I was involved in an attempt to bring alternative energy to the American marketplace. The story is told for the first time on the Internet at this link, and my role is partially told here. I am not aware of a more significant attempt made in American history. With this first footnote that refers to my work, an issue needs addressing for clarification purposes. This article is not a scholarly exercise, but my website is for the most part scholarly, and the material and discussion that this article’s footnotes refer to are where readers can go to find out more, so they can take those footnotes and see where they lead. I have attempted to create a body of work that is easily researched for validation and further consideration.
 In Deffeyes’s Hubbert’s Peak, the disconnect between economists and reality was regularly remarked upon, and is summed up with one anecdote on page 186, where a young economist stated in his lecture that because agriculture and mining comprised only three percent of the U.S. economy, they were matters of little concern. An elderly voice in the lecture hall then mumbled, ”What does that genius think we are going to eat?”
 See Joseph Tainter’s The Collapse of Complex Societies, p. 91.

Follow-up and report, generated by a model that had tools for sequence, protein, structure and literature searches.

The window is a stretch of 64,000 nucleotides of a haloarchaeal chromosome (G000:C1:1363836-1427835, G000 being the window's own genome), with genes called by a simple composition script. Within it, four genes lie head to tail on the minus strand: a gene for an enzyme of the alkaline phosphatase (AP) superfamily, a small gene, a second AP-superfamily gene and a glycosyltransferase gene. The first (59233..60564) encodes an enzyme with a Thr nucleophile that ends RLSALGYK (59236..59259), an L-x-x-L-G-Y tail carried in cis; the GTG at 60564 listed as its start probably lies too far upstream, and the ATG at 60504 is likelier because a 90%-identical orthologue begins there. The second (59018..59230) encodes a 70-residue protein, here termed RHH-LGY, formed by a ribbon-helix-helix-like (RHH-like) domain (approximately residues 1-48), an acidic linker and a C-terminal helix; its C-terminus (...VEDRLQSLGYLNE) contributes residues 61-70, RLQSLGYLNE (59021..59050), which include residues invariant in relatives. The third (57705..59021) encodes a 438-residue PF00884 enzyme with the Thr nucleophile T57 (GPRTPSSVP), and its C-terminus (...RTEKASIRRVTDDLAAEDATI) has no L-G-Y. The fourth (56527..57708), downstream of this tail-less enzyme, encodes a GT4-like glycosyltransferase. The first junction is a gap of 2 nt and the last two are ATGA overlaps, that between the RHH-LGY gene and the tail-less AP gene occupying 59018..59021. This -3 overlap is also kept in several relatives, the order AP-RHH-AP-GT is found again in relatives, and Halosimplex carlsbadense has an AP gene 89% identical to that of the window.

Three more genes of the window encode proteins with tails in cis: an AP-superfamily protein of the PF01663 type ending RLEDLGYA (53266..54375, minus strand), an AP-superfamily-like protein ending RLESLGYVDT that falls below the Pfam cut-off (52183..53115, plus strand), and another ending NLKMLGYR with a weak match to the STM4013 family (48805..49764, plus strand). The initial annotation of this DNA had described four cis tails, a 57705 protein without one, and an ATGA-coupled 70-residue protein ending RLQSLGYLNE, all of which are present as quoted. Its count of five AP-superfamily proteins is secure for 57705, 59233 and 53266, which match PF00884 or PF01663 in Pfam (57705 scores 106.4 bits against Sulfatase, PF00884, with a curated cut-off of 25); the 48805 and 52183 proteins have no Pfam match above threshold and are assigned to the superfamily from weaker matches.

Decaying land plants created Earth’s coal deposits during the Carboniferous Period, which ran for 60 million years, which ended about 300 million years ago, with most coal formed in the Carboniferous's last half. Oil, however, is developed from marine life forms, and has had a much longer window of creation. William Catton, in his Overshoot, estimated that humanity was burning fossil fuel deposits at least 10,000 times faster than they were created (Overshoot, pp. 51-52), but oil deposits began forming more than 500 million years ago, when abundant marine life appeared. A “mere” 200 million year formation window for most oil deposits is not an unreasonable estimate, and by “oil” I mean what we consider true oil today, not the organic material trapped in shale, sand and other difficult to extract “oil.” The two trillion barrel estimate of global oil deposits in 1859 may not be far from reality, and will be completely consumed at current rates of extraction before 2060. So, 200 million years of formation is burned up in 200 years of extraction, for a burn rate of one million times greater than the creation rate. A common estimate in the early 21st century is that humanity burns up in one year what Earth's ecosystems stored in hydrocarbons in a million years, which confirms that million-times-faster estimate.